It’s not enough to have competition these days – you must be seen to have competition.
This, at least, is one interpretation of a weird court case going on in Singapore, where the government is effectively suing itself for a mix-up over tax payments.
The actual entities involved are the government telecommunication regulator Infocomm Development Authority (IDA) and the majority government-owned former monopoly carrier Singapore Telecommunications Ltd. (SingTel). In the old pre-deregulation days, these two entities would have been the best of friends, indeed hardly distinguishable from one another. But times change.
When Singapore announced the deregulation of its telecommunication market in 1998, the regulator (in its former guise of TAS, or Telecommunication Authority of Singapore) originally said there would be a single competitor to SingTel for two years after formal deregulation on April 1, 2000, namely the newly-formed StarHub Pte. Ltd.
Before StarHub was launched, TAS noted the rapid changes in the worldwide telecommunication environment, decided to throw the telecommunication market open to all comers beginning on the StarHub launch date, and offered SingTel S$1.5 billion (US$830 million) by way of compensation.
It is this money — or rather its tax component of S$388 million — which is in dispute. SingTel says the compensation agreement with TAS represents a binding contract and that therefore it need not repay any money. IDA contends that the S$388 million is a tax element that SingTel should return as the government tax authority later declared the compensation tax-free.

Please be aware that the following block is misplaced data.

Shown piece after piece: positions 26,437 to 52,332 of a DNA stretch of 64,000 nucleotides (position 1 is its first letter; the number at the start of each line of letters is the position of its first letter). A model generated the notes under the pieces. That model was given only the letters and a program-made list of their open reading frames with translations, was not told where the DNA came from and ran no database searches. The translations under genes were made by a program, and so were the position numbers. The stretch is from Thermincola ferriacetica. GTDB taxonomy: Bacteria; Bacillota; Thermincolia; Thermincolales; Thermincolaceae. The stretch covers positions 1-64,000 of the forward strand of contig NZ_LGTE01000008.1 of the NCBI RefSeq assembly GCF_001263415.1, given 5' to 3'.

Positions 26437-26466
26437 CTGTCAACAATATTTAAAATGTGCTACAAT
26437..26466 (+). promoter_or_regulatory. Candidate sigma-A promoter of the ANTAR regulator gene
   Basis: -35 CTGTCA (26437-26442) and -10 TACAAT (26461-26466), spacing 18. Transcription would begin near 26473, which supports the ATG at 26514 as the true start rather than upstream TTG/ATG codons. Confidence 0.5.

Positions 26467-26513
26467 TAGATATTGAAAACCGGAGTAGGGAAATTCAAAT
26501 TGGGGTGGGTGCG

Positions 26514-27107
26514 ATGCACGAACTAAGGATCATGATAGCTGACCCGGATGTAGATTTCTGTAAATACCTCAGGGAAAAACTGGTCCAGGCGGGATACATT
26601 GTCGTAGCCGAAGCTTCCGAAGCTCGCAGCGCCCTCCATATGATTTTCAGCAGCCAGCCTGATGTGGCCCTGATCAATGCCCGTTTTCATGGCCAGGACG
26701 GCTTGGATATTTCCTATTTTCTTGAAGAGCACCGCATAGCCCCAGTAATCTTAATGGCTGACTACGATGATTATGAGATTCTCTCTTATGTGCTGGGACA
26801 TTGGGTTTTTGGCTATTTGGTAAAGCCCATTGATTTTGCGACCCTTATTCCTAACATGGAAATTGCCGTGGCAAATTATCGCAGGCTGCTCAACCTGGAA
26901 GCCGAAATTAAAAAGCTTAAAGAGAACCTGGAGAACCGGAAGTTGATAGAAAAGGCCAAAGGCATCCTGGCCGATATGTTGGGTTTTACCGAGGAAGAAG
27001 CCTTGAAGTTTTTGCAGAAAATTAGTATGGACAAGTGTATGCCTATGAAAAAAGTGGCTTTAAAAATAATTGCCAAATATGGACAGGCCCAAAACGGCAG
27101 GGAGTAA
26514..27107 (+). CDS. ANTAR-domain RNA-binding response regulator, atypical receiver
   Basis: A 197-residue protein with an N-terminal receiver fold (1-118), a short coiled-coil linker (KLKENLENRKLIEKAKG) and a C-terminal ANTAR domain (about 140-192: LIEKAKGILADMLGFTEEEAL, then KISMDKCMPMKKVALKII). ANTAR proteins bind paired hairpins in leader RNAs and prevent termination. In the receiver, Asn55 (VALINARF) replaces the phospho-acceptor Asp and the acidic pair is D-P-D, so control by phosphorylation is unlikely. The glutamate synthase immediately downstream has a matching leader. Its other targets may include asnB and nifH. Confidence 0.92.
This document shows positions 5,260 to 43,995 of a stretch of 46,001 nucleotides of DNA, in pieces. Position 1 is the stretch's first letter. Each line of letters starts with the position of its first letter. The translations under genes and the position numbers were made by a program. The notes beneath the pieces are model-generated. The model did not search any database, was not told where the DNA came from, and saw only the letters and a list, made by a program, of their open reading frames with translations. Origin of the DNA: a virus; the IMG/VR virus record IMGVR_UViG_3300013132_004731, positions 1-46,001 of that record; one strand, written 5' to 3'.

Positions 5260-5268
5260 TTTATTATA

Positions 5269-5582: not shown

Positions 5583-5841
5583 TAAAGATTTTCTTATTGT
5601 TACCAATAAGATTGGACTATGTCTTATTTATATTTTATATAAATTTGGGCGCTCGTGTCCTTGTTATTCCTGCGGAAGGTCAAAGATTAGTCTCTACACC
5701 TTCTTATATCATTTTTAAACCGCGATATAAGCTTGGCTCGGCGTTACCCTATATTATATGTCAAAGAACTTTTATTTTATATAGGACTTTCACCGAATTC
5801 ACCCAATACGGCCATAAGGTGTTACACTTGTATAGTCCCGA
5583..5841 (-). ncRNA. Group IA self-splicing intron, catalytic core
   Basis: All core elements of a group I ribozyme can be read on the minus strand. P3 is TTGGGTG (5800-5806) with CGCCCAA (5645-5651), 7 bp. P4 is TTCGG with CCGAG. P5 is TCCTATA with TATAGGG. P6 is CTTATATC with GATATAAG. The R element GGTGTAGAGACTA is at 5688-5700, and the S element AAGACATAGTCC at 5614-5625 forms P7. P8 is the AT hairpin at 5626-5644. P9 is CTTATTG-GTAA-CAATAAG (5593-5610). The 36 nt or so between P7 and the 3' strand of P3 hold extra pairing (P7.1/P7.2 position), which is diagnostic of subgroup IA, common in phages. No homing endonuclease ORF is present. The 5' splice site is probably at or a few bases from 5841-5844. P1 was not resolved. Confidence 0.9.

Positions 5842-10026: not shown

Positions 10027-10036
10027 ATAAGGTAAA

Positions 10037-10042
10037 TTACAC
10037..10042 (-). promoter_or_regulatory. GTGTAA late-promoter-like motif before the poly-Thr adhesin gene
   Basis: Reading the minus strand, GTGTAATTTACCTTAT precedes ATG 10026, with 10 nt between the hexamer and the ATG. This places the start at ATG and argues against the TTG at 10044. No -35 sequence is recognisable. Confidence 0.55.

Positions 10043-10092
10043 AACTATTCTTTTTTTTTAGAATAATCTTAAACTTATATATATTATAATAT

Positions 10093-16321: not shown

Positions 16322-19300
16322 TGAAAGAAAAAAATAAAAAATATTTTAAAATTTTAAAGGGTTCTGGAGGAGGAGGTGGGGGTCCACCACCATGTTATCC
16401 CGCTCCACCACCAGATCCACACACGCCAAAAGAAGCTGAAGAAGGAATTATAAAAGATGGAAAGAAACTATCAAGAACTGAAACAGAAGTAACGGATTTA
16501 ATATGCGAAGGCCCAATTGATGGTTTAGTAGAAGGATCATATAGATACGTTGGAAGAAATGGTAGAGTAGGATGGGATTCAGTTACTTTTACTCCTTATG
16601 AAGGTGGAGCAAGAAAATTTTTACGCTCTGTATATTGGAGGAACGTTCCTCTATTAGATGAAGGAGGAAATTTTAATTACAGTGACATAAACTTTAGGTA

The case is now being haggled over in court, where the intertwined nature of the argument grows.
Lead counsel for the IDA is prominent lawyer Davinder Singh, who also acts as lawyer for Singapore’s patriarch and Senior Minister Lee Kuan Yew, and who has been for 14 years a member of parliament for the ruling PAP party which Lee founded.
Sitting in the witness box, being badgered by Singh for hours on end, is SingTel CEO Lee Hsien Yang, Lee Kuan Yew’s younger son.
A little bit bizarre, even given that Singh is, like any lawyer, an independent gun for hire who is prepared to work for any client without fear or favor.
The spat has even been described as “unusual” by the local (government-linked) Straits Times newspaper, a publication so anodyne that an American commentator once called it “a geometric anomaly, following a straight line without containing any points.”
But this is Asia, where what is seen to happen is more important that what actually does happen, where the cosmetics are more important than the substance, and the unappealing can be made to disappear by simply not thinking about it.
If SingTel loses, all that happens is that one chunk of the government will win several hundred million dollars from another chunk – or a 69 per cent-owned chunk, anyway.
Still, analysts ask, will this unseemly squabble benefit SingTel’s main competitor, StarHub?
Possibly. Which is more good news for the Singapore government, since just over 75 per cent of StarHub is owned by Singapore Technologies Telemedia, Media Corporation of Singapore and Singapore Press Holdings, all government-owned or government-linked companies.